Sunday Fun


Photo credit: Leo Rivas-Micoud/

Enjoy the rest of your weekend!


Gratitude Journal – Prompt #9



Photo credit: Luis Llerena/

Day #9 – What place are you most grateful for?

30 Days of Gratitude

In answer to the question for Day 9 of the 30 Days of Gratitude challenge, I’m going to choose my bed. I know that sounds like a strange choice, because we don’t think of our beds as “places.”

But, I didn’t sleep well last night and am thinking about how comfortable it is and how it’s the one place I’d like to be right now!

Waking up at 4 a.m. is a symptom of menopause and growing older. Until my 50th birthday I slept like a rock. When I did wake up (for whatever obscure reason) falling back to sleep was effortless.

Not so these days. But, it got me thinking of how lucky I am to have a bed. Many people don’t. When thinking about poverty, we tend to focus on the big stuff, like food, water, and housing. But, there is so much more that these folks live without. In most developed countries we don’t see the extremes of scarcity that less industrialized nations have.

There are varying degrees of destitution. The children on the left have mats in what appears to be an indoor structure. The Syrian refugees on the right, having to flee their homes, are forced to sleep outdoors. And, there are many other people who don’t have proper clothing or are as well fed as these youngsters.

Processed with VSCOcam with f2 preset

Photo credit: Viktoria Hall-Waldhauser/

Apparently, having a bed is considered a luxury to many, as are the countless other advantages we enjoy. 

So, when I climb into bed tonight I’m going to say a prayer for these people and remember to be grateful.

Carpe diem!









Gratitude Journal – Prompt #8


Photo Credit:  Annie Spratt/

30 Days of GratitudeDay #8 – What book are you most grateful for?

One of the advantages of the 30 Days of Gratitude Prompts is that they help us realize how lucky we are. Here in the United States we have easy access to books and reading materials of all kinds. Public libraries offer residents a wealth of resources: fiction, non-fiction, reference, periodicals, newspapers, manuscripts, maps, CDs, DVDs, and the list goes on. The First Amendment guarantees our right to read whatever we want; the government cannot choose for us through censorship.

I developed a love of reading as a child that has stayed with me into adulthood. Once again, when asked which book I’m most grateful for, it’s difficult to choose only one. I’ve read so many that delighted and enlightened me. Between many text books, Bible stories, leisure reading, and others, I’ve learned a lot about life.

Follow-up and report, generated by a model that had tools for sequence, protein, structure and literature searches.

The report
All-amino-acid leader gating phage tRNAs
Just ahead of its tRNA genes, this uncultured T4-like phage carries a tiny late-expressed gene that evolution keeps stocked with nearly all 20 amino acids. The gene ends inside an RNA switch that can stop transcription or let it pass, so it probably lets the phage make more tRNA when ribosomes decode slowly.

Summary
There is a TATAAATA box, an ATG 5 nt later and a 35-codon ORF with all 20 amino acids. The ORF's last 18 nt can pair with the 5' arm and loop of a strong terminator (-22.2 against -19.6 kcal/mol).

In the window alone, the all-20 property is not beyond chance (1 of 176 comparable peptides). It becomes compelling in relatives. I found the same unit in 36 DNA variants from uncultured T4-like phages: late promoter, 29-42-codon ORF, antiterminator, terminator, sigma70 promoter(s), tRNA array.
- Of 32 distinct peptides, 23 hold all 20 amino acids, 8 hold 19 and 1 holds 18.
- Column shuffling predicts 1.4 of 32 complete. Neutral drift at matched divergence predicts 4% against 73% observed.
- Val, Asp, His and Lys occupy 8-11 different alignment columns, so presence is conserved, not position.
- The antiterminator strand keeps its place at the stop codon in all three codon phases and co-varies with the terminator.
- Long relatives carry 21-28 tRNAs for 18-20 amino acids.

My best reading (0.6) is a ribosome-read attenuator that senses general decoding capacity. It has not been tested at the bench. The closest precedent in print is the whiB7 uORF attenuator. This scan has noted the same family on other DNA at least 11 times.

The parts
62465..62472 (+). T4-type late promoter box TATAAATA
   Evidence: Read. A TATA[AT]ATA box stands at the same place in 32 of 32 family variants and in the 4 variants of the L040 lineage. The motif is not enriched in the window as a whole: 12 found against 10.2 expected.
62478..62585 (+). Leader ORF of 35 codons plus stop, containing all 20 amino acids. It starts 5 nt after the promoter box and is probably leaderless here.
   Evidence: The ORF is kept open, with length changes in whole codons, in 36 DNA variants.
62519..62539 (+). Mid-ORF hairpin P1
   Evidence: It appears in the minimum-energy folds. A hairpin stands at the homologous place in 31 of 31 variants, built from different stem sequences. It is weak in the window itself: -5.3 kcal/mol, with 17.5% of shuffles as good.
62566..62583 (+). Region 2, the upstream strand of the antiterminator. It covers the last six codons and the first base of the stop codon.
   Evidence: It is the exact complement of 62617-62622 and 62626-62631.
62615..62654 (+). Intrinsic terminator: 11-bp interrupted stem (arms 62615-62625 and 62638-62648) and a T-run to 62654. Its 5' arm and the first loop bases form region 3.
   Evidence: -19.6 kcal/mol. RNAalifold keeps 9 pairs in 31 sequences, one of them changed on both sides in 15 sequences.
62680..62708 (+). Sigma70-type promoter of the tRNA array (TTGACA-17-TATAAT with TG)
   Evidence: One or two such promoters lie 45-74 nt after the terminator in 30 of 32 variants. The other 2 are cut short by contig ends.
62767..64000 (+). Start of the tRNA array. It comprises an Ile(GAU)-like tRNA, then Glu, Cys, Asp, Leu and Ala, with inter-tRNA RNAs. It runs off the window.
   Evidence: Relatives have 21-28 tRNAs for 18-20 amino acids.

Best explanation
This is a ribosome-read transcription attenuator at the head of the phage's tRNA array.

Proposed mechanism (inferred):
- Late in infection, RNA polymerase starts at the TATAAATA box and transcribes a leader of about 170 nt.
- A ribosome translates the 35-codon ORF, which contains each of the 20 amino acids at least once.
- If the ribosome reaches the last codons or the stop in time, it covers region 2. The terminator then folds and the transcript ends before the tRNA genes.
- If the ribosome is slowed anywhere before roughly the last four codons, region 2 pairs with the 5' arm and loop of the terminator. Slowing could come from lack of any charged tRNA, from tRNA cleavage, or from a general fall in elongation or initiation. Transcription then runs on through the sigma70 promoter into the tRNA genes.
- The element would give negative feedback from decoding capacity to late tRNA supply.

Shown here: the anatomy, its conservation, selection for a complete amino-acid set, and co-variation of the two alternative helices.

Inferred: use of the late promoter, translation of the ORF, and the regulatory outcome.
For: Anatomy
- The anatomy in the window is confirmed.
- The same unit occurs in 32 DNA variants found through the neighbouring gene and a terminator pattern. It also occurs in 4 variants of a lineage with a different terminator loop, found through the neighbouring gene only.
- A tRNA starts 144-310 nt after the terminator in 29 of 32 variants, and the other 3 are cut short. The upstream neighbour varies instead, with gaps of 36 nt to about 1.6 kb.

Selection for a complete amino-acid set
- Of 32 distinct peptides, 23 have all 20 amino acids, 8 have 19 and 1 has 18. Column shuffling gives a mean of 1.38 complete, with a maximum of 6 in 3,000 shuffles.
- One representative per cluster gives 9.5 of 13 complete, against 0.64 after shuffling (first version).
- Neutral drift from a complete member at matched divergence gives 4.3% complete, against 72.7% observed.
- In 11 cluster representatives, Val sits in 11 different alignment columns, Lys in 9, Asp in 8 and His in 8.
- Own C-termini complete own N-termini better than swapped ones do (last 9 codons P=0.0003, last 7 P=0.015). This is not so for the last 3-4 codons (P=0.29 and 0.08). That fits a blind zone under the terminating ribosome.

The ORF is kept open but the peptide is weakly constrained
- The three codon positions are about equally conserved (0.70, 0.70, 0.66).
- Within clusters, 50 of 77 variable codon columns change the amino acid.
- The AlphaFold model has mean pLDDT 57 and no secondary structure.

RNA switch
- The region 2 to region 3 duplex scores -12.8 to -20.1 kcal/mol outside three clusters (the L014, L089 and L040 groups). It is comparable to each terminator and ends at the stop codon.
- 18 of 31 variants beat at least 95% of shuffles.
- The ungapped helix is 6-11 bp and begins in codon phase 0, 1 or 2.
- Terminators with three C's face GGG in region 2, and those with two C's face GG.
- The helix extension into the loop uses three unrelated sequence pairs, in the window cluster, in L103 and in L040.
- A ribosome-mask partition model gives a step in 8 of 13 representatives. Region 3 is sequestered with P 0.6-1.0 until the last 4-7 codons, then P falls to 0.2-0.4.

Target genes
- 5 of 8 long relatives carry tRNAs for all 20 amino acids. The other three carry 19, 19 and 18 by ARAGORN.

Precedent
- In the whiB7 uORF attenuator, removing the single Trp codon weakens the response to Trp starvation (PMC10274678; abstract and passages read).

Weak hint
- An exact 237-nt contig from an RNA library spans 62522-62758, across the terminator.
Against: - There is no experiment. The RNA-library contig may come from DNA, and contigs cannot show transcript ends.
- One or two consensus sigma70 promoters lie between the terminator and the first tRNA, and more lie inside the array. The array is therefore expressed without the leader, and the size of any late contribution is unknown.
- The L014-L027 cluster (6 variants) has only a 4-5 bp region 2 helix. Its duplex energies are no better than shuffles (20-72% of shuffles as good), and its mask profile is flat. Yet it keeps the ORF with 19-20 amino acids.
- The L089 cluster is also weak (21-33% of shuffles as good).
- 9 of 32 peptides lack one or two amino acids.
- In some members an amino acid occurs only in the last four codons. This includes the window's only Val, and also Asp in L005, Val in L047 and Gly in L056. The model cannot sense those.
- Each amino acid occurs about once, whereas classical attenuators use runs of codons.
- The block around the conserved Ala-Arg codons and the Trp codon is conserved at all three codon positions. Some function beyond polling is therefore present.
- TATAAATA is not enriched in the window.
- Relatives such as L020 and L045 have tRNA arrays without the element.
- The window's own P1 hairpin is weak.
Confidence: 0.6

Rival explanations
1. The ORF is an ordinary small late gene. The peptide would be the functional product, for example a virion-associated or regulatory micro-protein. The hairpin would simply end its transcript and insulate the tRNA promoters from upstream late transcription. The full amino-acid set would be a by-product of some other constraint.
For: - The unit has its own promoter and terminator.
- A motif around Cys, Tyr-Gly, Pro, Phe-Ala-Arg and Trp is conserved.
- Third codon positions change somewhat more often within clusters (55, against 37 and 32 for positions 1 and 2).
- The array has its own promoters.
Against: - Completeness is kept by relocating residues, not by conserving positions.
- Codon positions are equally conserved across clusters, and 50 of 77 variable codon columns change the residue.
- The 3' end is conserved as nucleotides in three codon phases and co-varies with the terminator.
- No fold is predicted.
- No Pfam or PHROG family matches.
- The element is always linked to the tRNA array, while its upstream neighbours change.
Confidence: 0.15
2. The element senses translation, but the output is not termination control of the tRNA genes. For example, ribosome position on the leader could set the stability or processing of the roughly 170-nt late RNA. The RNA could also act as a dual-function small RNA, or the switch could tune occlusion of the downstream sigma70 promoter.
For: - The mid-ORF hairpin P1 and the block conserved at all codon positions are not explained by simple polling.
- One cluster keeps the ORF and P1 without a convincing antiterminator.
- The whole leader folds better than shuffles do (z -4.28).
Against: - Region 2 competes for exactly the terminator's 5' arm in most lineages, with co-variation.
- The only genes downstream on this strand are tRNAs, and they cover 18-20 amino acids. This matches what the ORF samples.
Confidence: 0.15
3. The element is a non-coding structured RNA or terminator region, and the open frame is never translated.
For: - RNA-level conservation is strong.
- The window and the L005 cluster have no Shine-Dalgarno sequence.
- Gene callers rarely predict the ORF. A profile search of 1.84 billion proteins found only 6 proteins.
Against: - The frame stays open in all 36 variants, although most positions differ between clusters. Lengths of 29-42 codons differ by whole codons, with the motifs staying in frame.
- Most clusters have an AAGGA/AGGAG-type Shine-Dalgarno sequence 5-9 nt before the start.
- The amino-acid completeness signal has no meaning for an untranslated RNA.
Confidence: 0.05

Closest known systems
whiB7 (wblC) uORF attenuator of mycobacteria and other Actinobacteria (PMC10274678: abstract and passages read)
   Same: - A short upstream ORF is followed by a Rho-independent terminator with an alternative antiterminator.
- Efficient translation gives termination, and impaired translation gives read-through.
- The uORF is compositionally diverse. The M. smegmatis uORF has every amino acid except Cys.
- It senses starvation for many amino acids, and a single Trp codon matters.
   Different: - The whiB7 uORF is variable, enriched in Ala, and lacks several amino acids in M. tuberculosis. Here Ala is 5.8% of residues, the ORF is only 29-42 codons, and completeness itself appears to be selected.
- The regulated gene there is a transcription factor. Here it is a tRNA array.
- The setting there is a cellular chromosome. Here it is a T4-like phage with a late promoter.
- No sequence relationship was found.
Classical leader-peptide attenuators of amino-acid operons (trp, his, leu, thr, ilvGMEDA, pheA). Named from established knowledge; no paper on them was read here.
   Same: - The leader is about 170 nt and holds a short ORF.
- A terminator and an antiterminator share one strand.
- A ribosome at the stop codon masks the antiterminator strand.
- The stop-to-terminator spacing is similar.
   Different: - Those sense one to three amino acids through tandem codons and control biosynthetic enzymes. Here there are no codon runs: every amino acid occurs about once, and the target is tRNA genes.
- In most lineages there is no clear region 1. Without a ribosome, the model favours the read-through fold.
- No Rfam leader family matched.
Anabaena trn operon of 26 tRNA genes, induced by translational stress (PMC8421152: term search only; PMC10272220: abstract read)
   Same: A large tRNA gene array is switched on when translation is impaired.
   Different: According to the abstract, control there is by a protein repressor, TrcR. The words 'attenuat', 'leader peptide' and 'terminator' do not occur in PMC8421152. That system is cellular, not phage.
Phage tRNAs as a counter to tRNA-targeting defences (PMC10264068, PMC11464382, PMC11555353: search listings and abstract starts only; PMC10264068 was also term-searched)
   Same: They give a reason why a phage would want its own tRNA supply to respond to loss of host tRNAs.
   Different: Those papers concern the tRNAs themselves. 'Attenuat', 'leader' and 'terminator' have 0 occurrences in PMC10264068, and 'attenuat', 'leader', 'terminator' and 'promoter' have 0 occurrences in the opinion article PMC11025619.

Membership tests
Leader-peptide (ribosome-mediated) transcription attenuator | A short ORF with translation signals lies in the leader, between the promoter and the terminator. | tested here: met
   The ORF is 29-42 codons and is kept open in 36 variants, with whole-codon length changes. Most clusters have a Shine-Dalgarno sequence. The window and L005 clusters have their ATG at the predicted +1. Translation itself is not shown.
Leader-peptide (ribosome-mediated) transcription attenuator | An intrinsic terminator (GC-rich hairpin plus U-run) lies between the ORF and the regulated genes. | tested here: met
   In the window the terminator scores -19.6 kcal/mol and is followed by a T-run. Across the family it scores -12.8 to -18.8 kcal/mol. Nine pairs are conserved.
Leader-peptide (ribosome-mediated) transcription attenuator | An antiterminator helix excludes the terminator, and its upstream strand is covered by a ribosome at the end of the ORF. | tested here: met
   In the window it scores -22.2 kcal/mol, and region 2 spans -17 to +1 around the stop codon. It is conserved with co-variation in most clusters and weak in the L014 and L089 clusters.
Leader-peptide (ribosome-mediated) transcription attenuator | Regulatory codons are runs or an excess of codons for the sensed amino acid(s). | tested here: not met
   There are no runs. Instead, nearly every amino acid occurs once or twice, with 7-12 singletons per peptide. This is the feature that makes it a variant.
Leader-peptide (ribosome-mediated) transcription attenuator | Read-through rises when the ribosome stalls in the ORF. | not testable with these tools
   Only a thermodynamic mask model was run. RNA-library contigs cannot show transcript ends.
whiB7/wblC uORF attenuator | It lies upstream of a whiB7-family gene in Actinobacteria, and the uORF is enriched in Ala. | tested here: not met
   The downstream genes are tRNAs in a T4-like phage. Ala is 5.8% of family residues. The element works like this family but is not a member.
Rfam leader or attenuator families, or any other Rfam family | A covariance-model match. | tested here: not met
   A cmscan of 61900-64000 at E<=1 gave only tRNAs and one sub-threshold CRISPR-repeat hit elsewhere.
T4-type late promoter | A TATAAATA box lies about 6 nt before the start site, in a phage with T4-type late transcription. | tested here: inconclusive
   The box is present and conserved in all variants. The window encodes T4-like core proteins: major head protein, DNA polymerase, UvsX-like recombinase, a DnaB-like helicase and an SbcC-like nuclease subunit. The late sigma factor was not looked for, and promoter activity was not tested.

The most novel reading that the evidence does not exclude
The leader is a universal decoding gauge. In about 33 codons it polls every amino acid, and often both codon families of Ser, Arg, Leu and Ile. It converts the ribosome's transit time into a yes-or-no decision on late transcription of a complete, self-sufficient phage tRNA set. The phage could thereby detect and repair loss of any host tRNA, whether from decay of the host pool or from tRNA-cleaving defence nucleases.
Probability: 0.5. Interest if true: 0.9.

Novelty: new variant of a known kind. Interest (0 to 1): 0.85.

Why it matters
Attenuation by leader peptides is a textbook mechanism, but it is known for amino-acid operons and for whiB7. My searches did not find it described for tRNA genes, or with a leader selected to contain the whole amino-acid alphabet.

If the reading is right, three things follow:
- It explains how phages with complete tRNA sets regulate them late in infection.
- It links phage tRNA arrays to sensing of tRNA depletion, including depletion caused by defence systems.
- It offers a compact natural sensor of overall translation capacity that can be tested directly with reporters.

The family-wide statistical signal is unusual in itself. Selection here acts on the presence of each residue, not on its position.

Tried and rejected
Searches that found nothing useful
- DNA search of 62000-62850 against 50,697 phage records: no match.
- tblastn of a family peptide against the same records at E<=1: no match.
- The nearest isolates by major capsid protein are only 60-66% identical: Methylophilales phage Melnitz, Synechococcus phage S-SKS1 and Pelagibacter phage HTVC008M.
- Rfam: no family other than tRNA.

One of my earliest favorites was Harper Lee’s To Kill a Mockingbird. I saw the movie when I was ten years old and read the book a few years later. The dramatic courtroom scene left a lasting impression that shaped my feelings regarding race relations and equality. It helped me realize that some people are unfair and dishonest, while others are trustworthy and believe in justice for everyone. Atticus Finch, the children’s father and attorney fighting for a black man wrongly accused of rape, became one of the best known protagonists in American literature, as well as my hero.


Because of my age at the time, I identified with the children in the story: brother and sister duo, Scout and Jem, and their neighborhood friend, Dill.The storyline had quite an impact on me. It takes place during the Great Depression and I was fascinated by the world they lived in. I also enjoyed watching how they entertained themselves and interacted with each other and the adults around them. The reclusive neighbor Boo Radley mystified them and was subject to their wild speculation. Convinced that he would harm them if given the chance, they learn a valuable lesson about judging people based on unfounded fears rather than facts. 

The memorable characters and compelling storylines made this novel the classic that it is. I absolutely love the book and movie version and am thankful for the wisdom and sense of justice it taught me. I’m a better person for having read it and that’s truly something to be grateful for!

Carpe diem!